eDiscovery Daily Blog
Testing Your Search Using Sampling: eDiscovery Throwback Thursdays
Here is the third and final part in our Throwback Thursday series on sampling. Two weeks ago, we talked about how to determine an appropriate sample size to test your search results as well as the items NOT retrieved by the search, using a site that provides a sample size calculator. Last week, we talked about how to make sure the sample size is randomly selected. Today, we’ll walk through an example of how you can test and refine a search using sampling.
This post was originally published on April 5, 2011. It was part of a three-post series that we have revisited over the past couple of weeks. We have continued to touch on this topic over the years, including our webcast just last month. One of our best!
The example is a somewhat simplified real-life example of a search scenario I encountered several years ago where I went through these steps for a similar search to get to a search term that provided the right balance of recall and precision.
TEST #1: Let’s say in an oil company we’re looking for documents related to oil rights. To try to be as inclusive as possible, we will search for “oil” AND “rights”. Here is the result:
- Files retrieved with “oil” AND “rights”: 200,000
- Files NOT retrieved with “oil” AND “rights”: 1,000,000
Using the site to determine an appropriate sample size that we identified before, we determine a sample size of 662 for the retrieved files and 664 for the non-retrieved files to achieve a 99% confidence level with a margin of error of 5%. We then use this site, to generate random numbers and then proceed to review each item in the retrieved and NOT retrieved items sets to determine responsiveness to the case. Here are the results:
- Retrieved Items: 662 reviewed, 24 responsive, 3.6% responsive rate.
- NOT Retrieved Items: 664 reviewed, 661 non-responsive, 99.5% non-responsive rate.
Nearly every item in the NOT retrieved category was non-responsive, which is good. But, only 3.6% of the retrieved items were responsive, which means our search was WAY over-inclusive. At that rate, 192,800 out of 200,000 files retrieved will be NOT responsive and will be a waste of time and resource to review. Why? Because, as we determined during the review, almost every published and copyrighted document in our oil company has the phrase “All Rights Reserved” in the document and will be retrieved.
TEST #2: Let’s try again. This time, we’ll conduct a phrase search for “oil rights” (which requires those words as an exact phrase). Here is the result:
- Files retrieved with “oil rights”: 1,500
- Files NOT retrieved with “oil rights”: 1,198,500
This time, we determine a sample size of 461 for the retrieved files and (again) 664 for the NOT retrieved files to achieve a 99% confidence level with a margin of error of 5%. Even though, we still have a sample size of 664 for the NOT retrieved files, we generate a new list of random numbers to review those items, as well as the 461 randomly selected retrieved items. Here are the results:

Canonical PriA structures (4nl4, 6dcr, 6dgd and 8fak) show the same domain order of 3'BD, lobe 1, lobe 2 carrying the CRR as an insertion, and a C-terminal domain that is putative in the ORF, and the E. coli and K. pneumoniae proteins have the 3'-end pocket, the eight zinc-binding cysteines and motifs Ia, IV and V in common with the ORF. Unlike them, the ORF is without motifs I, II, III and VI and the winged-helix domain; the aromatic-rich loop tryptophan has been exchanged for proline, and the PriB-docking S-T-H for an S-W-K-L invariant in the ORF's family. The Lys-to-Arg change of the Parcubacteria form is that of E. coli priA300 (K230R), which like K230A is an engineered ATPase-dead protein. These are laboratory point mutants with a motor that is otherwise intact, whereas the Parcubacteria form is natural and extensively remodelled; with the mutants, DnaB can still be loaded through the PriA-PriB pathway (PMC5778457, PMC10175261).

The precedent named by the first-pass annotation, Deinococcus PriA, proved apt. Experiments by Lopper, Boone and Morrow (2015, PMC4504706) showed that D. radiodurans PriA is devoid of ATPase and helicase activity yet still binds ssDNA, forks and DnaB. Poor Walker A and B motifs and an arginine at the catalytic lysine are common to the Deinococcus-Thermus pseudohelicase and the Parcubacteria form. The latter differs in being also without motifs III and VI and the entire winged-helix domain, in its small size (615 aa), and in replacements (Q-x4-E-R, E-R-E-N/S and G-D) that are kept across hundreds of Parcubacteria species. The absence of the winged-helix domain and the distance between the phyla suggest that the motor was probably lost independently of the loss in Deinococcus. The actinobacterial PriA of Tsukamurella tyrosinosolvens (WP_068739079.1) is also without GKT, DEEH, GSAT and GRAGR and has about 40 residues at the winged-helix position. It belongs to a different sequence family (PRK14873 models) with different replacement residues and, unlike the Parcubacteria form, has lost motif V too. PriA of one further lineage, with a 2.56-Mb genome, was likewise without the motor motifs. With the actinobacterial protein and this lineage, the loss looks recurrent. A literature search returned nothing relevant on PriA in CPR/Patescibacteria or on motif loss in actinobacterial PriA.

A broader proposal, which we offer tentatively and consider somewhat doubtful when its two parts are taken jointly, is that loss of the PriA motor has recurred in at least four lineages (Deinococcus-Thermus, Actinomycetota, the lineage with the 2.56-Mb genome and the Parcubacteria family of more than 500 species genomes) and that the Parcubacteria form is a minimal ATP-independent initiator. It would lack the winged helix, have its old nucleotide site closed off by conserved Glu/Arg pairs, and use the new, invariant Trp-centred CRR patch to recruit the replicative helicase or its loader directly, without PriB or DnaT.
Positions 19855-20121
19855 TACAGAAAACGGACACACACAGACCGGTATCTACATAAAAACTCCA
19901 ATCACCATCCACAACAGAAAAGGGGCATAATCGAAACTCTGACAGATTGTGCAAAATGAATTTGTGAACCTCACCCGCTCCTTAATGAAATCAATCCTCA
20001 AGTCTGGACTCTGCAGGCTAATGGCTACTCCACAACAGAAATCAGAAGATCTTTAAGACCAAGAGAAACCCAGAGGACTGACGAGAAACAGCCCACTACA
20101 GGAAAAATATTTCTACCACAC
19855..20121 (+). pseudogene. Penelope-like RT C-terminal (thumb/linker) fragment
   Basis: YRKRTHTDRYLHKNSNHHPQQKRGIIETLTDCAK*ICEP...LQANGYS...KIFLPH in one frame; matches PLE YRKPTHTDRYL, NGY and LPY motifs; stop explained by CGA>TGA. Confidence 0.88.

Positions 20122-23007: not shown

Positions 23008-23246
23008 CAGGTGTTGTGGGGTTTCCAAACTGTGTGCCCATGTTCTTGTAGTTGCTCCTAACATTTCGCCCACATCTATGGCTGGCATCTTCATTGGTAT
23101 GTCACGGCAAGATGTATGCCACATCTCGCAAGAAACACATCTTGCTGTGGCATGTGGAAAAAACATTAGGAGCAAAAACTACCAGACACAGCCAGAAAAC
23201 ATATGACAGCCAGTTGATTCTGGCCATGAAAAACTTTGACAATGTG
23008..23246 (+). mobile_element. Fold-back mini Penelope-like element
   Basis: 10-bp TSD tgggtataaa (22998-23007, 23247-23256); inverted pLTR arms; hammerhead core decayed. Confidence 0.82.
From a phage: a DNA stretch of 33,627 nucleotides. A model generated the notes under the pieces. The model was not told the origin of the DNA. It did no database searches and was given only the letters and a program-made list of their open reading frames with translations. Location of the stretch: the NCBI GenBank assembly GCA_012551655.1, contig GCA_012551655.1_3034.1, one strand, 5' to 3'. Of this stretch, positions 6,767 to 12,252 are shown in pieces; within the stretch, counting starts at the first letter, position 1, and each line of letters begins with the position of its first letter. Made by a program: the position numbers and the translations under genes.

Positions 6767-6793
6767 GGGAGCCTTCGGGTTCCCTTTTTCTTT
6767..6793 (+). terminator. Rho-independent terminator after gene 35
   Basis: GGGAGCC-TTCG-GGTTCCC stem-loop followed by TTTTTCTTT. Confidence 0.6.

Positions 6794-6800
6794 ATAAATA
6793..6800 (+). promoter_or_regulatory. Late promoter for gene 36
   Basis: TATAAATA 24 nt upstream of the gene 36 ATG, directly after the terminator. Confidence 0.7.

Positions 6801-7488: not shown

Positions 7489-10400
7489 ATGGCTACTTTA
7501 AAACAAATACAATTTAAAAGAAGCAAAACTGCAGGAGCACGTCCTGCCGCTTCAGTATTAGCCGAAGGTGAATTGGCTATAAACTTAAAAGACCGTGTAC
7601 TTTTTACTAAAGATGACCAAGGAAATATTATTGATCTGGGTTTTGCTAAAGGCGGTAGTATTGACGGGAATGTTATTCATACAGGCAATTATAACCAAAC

- Retrieved Items: 461 reviewed, 435 responsive, 94.4% responsive rate.
- NOT Retrieved Items: 664 reviewed, 523 non-responsive, 78.8% non-responsive rate.
Nearly every item in the retrieved category was responsive, which is good. But, only 78.8% of the NOT retrieved items were not responsive, which means over 20% of the NOT retrieved items were actually responsive to the case (we also failed to retrieve 8 of the items identified as responsive in the first iteration). So, now what?
TEST #3: This time, we’ll conduct a proximity search for “oil within 5 words of rights”. Here is the result:
- Files retrieved with “oil w/5 rights”: 5,700
- Files NOT retrieved with “oil w/5 rights”: 1,194,300
This time, we determine a sample size of 595 for the retrieved files and (once again) 664 for the NOT retrieved files, generating a new list of random numbers for both sets of items. Here are the results:
- Retrieved Items: 595 reviewed, 542 responsive, 91.1% responsive rate.
- NOT Retrieved Items: 664 reviewed, 655 non-responsive, 98.6% non-responsive rate.
Over 90% of the items in the retrieved category were responsive AND nearly every item in the NOT retrieved category was non-responsive, which is GREAT. Also, all but one of the items previously identified as responsive was retrieved. So, this is a search that appears to maximize recall and precision.
Had we proceeded with the original search, we would have reviewed 200,000 files – 192,800 of which would have been NOT responsive to the case. By testing and refining, we only had to review 8,815 files – 3,710 sample files reviewed plus the remaining retrieved items from the third search (5,700 – 595 = 5,105) – most of which ARE responsive to the case. We saved tens of thousands in review costs while still retrieving most of the responsive files, using a defensible approach.
So, what do you think? Do you use sampling to test your search results? Please share any comments you might have or if you’d like to know more about a particular topic.
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